|Publication number||US7516380 B2|
|Application number||US 11/169,164|
|Publication date||Apr 7, 2009|
|Filing date||Jun 28, 2005|
|Priority date||Jun 28, 2005|
|Also published as||US20060290398|
|Publication number||11169164, 169164, US 7516380 B2, US 7516380B2, US-B2-7516380, US7516380 B2, US7516380B2|
|Inventors||Ofir Kanter, Eran Peleg|
|Original Assignee||Intel Corporation|
|Export Citation||BiBTeX, EndNote, RefMan|
|Patent Citations (24), Non-Patent Citations (3), Referenced by (5), Classifications (4), Legal Events (4)|
|External Links: USPTO, USPTO Assignment, Espacenet|
This application relates generally to testing of integrated circuits and, more particularly, to a Built-In Self-Tester (BIST) to provide jitter data and associated methods of operation.
Jitter is a deviation or displacement of pulses in a high-frequency digital or analog signal. As the name suggests, jitter can be thought of as shaky pulses. Jitter is the variation of an event from its ideal position in time. Among the causes of jitter are electromagnetic interference and crosstalk with other signals. Jitter can cause a display monitor to flicker, affect the ability of the processor in a personal computer to perform as intended, introduce clicks or other undesired effects to audio signals, and cause the loss of data transmitted between network devices.
Measuring transmitter jitter of high speed input/outputs (I/Os) is one of the most complicated production tests. The complexity is due to the ambiguous ways to measure the jitter, the high frequency of the transmitted signal and the external dedicated instrument that gets the signal, post processes it, and provides an output as its' jitter. Yet, the importance of this parameter is critical, since according to the jitter value, the robustness of the transmitted signal is tested, and one concludes the chip's performance on real (customer) systems according to the jitter value. In one way to measure the jitter of a signal, one samples it in high frequencies, and via post processing, estimates a difference between the actual transitions and the theoretical transitions. The higher the signal's frequency is—the test becomes more important and difficult to implement, and the instrument that measures the jitter becomes more complex and expensive. Traditionally, signal frequencies rise over time, therefore the challenge is growing.
In conservative ways, transmit jitter is measured by a unique ad hoc external instrument attached to a tester.
There is a need for improved circuits and methods for testing integrated circuits for jitter.
In the following detailed description of various embodiments, reference is made to the accompanying drawings that form a part hereof, and in which are shown by way of illustration, and not of limitation, specific embodiments in which the subject matter may be practiced. In the drawings, like numerals describe substantially similar components throughout the several views. The embodiments illustrated are described in sufficient detail to enable those skilled in the art to practice the teachings disclosed herein. Other embodiments may be utilized and derived therefrom, such that compositional, structural, and logical substitutions and changes may be made without departing from the scope of this disclosure. The following detailed description, therefore, is not to be taken in a limiting sense. Examples and embodiments merely typify possible variations. Individual components and functions are optional unless explicitly required, and the sequence of operations may vary. Portions and features of some embodiments may be included in or substituted for those of others. The following description is, therefore, not to be taken in a limiting sense.
According to various embodiments, an internal feature is added to the silicon of an integrated circuit chip that provides the main jitter components of high frequency transmit signals, externally based on a clean and low frequency reference clock signal driven from a tester. In particular, a precise latch is internal in the silicon that receives a transmit signal as an input and a low frequency precise clock (latch enable) from the tester. The transmit signal is to be measured for jitter. According to various embodiments, the transmit signal is under-sampled. Using the under-sampling method of the embodiments, the clock's frequency is low, and a simple tester can provide the clock. A latch output is transferred to the tester and then sampled into the tester's memory.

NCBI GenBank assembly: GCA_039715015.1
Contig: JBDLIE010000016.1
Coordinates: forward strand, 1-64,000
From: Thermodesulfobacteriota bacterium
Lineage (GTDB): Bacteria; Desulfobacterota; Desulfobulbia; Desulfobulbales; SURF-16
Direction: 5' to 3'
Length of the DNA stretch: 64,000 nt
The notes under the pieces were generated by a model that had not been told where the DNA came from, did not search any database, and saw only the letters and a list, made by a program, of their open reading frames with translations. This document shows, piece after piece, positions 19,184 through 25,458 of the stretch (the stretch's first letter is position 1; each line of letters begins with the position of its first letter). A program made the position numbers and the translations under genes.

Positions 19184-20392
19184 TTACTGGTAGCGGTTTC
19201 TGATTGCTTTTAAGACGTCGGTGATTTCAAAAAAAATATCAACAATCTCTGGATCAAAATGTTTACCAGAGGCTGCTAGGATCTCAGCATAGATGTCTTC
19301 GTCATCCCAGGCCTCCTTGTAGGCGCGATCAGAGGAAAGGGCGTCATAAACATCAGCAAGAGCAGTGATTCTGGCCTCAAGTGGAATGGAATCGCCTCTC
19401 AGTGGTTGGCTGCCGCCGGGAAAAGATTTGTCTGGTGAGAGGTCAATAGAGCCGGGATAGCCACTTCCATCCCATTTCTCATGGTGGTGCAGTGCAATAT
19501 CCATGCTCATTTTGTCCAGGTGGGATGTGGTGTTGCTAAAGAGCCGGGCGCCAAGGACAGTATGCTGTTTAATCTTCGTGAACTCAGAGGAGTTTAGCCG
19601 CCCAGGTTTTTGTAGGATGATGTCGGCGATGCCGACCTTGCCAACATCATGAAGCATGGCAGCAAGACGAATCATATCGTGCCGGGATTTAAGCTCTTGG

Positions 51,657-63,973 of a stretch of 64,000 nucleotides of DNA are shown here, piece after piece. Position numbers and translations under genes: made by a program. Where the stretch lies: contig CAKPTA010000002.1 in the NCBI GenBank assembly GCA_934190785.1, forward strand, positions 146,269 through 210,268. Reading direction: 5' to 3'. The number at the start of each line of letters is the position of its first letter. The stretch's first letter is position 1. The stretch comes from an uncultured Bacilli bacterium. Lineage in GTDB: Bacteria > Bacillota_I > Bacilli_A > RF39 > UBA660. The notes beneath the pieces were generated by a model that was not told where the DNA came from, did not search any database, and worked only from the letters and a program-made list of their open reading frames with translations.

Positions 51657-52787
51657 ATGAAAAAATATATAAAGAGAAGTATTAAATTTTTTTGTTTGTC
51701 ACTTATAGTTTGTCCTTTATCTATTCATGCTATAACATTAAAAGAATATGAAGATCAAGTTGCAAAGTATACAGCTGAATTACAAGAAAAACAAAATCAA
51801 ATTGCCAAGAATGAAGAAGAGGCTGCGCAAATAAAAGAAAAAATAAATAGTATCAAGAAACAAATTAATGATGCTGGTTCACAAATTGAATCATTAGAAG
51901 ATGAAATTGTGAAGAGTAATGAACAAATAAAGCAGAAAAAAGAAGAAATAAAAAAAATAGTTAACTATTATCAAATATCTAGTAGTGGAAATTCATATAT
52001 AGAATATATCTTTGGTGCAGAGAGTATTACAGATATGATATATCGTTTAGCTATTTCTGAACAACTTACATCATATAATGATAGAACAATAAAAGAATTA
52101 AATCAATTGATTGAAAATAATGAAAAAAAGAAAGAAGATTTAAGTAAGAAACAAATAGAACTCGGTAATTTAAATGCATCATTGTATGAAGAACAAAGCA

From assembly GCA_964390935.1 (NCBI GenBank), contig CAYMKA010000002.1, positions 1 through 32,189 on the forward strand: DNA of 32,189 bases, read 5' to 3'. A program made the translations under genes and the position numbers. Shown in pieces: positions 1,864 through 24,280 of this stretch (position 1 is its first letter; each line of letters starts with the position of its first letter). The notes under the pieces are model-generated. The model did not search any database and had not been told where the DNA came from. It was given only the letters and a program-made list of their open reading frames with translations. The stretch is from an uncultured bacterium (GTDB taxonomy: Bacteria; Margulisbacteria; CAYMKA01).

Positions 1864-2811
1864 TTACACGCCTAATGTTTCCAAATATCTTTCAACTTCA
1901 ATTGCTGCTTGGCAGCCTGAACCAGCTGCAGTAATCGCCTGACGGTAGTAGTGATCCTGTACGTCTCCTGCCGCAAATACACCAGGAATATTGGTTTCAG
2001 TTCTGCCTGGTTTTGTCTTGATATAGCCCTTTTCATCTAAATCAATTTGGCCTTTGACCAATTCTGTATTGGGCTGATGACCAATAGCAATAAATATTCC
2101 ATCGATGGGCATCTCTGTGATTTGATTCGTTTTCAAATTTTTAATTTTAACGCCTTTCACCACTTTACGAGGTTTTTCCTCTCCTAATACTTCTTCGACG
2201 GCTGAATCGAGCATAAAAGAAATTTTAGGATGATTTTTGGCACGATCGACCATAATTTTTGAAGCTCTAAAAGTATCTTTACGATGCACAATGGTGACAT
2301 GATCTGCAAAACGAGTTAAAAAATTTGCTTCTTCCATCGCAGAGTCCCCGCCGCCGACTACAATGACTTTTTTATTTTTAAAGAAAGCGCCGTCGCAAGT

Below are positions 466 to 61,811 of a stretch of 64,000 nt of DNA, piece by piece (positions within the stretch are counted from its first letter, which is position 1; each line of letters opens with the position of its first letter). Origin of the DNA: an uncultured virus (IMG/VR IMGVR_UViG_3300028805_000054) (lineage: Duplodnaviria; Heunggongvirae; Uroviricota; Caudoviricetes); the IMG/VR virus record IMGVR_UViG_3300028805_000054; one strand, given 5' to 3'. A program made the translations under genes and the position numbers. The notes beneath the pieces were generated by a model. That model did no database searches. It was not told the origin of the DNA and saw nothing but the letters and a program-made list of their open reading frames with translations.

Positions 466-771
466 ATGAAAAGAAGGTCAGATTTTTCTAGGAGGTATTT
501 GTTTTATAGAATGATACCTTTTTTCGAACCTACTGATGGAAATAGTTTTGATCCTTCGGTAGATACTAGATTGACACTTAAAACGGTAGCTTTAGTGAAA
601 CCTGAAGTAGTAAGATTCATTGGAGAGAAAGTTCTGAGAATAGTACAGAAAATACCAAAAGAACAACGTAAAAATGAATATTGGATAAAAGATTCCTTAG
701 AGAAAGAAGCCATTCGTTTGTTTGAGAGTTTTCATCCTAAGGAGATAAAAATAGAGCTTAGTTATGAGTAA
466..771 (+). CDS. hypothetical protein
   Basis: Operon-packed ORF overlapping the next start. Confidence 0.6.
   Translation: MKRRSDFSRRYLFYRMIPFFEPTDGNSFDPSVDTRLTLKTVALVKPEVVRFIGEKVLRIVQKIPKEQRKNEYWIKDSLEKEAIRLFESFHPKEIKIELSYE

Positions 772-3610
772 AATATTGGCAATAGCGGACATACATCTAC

After the under-sampling is over, and enough information resides in the memory, post processing provides differences between the signal's actual transitions and theoretical transitions. The more data that is collected, the more information on jitter components can be provided, and test time is balanced against the accuracy of the results to determine how much data is collected.
A Phase Locked Loop (PLL) 120 is located on the die 100, and is coupled to a transmitter circuit 130 to provide a timing reference signal 125. The transmitter circuit 130 generates a high frequency transmit signal 135 based on the timing reference signal 125. The transmit signal 135 is coupled to a transmit signal input 138 of a test latch 140. The transmitter circuit 130 and the test latch 140 are also located on the die 100. The test latch 140 is coupled to receive a low frequency test clock signal 145 at a clock input 148. The test latch 140 is triggered or enabled by the test clock signal 145 to sample the transmit signal 135.
The test clock signal 145 is generated by the test device 110 and coupled to the die 100 including the test latch 140.
The test latch 140 transmits output data 155 through a data output 158 to the test device 110. The output data 155 includes samples of the transmit signal 135 sampled by the test latch 140. The output data 155 is stored in a memory 170 in the test device 110. The memory 170 is a Flash memory or a random access memory (RAM) or a disk drive storage device or any other type of appropriate memory.
Design for testability (DFT) features are included in an integrated circuit to provide for embedded testing of certain integrated circuit functions. A Built-In Self-Tester (BIST) is a DFT feature. The test latch 140 according to various embodiments is such a BIST.
The output data 155 of the test latch 140 (including the samples of the transmit signal 135) are moved to the memory 170 in the test device 110. Post processing of the output data 155 estimates the transitions of the under-sampled signal 230, and estimates jitter in the transmit signal 135.
In 612, a transmit signal is generated in an integrated circuit die.